Litter training feral cats

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If there are shelves in the room, remove anything that she could knock over. For at least the first few days, use organic potting soil as litter—the feral cat will be much familiar with this than regular kitty litter. Light the room with a nightlight, rather than turning on the overhead light. The darkness will help the feral cat feel more secure in her new environment.

The feral cat will need at least a few hours to allow her to settle in. Place a pet carrier in the room with the trap. It will probably be easier to transport the feral cat in the carrier, rather than the trap. Leave the carrier door open and place some blankets and treats in the carrier to make it more comfortable for her. Place a towel over the trap and carrier to create another safe hiding place. Don’t be surprised if the feral cat bolts if you try to get near her. Setting a humane live animal trap will be the only safe way for you to catch her and bring her into your home.

A live animal humane trap is designed such that the door will close behind the feral cat when she steps on a panel at the bottom of the trap. To entice her into the trap, place some tasty morsels of the food at the back of the trap. She may be frightened at the sound of the door closing when she steps on the panel. However, she will not be injured. Live human traps are available online. Consider contacting your local animal shelter or animal control to inquire about borrowing a trap. Feed the feral cat outdoors.

Taming a feral cat should be done inside your home. However, the feral cat’s fear of human interaction presents a problem with bringing her into your home. Feed her at the same time each day. Spend time with the feral cat without handling her. After the feral cat has had some time to settle in, begin to interact with her to start getting her accustomed to human interaction. To prevent scratches and bites, wear long sleeves, pants, gloves, and shoes when you enter the room. You may also want to have a piece of cardboard that you can hold up in case she lunges at you.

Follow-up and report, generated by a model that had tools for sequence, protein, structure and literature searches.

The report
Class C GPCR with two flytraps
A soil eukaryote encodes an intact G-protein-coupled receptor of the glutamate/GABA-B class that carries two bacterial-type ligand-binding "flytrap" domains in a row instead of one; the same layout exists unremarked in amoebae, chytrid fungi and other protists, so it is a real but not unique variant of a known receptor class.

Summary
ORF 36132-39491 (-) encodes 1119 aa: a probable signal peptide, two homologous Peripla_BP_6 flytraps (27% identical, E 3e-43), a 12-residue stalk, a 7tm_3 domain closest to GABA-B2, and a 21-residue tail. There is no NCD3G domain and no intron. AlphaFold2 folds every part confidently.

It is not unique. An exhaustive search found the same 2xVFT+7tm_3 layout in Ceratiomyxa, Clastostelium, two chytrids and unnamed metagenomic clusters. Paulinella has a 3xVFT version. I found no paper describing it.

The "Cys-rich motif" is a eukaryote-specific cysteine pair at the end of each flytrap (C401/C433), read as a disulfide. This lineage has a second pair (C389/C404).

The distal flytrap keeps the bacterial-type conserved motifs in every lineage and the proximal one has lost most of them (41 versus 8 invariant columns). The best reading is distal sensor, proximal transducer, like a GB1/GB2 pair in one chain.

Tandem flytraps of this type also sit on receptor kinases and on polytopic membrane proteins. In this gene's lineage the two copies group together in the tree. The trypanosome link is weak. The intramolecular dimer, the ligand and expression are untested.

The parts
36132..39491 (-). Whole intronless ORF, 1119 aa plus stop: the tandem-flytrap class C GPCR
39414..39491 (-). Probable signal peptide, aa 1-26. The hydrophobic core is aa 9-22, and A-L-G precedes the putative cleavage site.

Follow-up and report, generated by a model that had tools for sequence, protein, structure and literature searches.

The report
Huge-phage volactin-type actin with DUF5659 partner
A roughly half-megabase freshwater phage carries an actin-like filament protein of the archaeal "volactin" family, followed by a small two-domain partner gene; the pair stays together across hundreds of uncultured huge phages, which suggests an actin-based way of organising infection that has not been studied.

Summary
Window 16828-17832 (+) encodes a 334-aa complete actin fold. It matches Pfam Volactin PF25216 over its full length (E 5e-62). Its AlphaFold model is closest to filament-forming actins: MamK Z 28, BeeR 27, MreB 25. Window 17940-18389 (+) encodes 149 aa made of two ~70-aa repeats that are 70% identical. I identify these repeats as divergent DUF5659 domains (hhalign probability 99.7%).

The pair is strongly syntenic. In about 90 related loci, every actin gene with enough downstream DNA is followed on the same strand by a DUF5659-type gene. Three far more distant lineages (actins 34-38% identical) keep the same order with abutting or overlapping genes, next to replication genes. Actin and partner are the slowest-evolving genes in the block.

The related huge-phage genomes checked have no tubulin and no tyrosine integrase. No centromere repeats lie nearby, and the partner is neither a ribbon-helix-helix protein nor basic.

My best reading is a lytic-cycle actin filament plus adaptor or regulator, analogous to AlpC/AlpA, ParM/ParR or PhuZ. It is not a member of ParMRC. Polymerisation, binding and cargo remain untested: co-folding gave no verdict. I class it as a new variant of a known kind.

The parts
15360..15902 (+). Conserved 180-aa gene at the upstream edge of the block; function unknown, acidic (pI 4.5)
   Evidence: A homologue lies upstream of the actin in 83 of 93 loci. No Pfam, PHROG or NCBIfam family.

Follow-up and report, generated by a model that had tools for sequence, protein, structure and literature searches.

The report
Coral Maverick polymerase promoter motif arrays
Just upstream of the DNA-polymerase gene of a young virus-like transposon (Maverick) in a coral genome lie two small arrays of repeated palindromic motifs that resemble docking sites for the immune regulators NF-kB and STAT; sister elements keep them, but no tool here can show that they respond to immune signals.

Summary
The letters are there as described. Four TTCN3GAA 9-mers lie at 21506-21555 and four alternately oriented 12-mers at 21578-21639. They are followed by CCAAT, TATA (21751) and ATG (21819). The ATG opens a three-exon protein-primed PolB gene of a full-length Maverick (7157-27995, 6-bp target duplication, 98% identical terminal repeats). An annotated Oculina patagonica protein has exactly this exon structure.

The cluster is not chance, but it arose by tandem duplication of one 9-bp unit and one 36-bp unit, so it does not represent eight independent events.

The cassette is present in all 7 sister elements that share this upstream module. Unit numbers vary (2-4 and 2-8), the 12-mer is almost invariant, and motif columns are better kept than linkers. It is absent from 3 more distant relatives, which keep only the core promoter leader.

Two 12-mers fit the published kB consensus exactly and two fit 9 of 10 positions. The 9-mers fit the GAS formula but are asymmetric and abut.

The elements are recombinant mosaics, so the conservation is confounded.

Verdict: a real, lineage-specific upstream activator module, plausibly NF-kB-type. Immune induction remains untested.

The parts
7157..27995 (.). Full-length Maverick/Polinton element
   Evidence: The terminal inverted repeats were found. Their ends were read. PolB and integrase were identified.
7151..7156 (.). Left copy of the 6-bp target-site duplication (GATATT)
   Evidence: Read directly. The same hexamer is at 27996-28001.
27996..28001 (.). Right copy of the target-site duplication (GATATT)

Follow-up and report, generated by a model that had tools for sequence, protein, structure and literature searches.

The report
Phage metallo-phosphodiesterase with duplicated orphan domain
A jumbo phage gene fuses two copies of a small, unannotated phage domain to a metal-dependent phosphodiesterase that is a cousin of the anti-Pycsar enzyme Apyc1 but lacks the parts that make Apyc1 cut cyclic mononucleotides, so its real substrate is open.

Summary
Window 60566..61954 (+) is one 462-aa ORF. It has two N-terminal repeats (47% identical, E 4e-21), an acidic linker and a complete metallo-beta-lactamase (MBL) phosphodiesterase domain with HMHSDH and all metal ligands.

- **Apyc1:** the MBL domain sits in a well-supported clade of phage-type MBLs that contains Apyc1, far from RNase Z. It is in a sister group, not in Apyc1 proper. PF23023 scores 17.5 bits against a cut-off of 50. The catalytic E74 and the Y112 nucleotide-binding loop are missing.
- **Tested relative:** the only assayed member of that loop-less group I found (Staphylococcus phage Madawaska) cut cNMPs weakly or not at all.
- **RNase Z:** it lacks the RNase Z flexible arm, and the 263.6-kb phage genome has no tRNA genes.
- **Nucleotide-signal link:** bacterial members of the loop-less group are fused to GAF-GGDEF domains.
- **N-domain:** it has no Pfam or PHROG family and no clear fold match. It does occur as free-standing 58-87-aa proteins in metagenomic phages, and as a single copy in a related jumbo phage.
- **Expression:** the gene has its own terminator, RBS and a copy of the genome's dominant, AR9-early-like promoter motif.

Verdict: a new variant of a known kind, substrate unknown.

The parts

Plan to spend time with her at about the same time every day—having a routine will help her settle into your home. Knock before you open the door, and enter slowly. Do not stare or make eye contact with the feral cat—she could perceive this as aggression. Instead, avert your eyes and lower your head. As she becomes more comfortable with you, sit with her for about an hour each in the mornings and evenings. Other than talking to her, you can read a book or work quietly on your laptop.

Attempts at handling her would likely result in you getting bitten, scratched, and hissed at. Play with the feral cat. Playing with the feral cat will help her continue to get more comfortable with you before you handle her. Purchase some lightweight cat toys from your local pet store and let her play with those while you are in the room with her. Do not let her play with the tease toy alone. She could swallow the string, which could lead to intestinal obstruction that would require extensive veterinary care. Handling a feral cat can be fraught with danger—she may quickly put up her defenses and attack you out of fear.

Observing her body language will let you know if she is comfortable with moving to the next level of human interaction. Body language that indicates she is not ready include lunging at you and growling at you with her ears laid flat against her head. She may also hiss at you if she does not want you to handle her. If she seems relatively calm when you around her, that is a good clue that she may be ready to be handled. Acclimate the feral cat to your hand. Still wary of more human interaction, the feral cat will need time to adjust to your hand. To begin, place your hand flat on the floor, palm side down. Let her come to you, and allow her to bump into your leg, arm, or hand. Resist the temptation to pet her.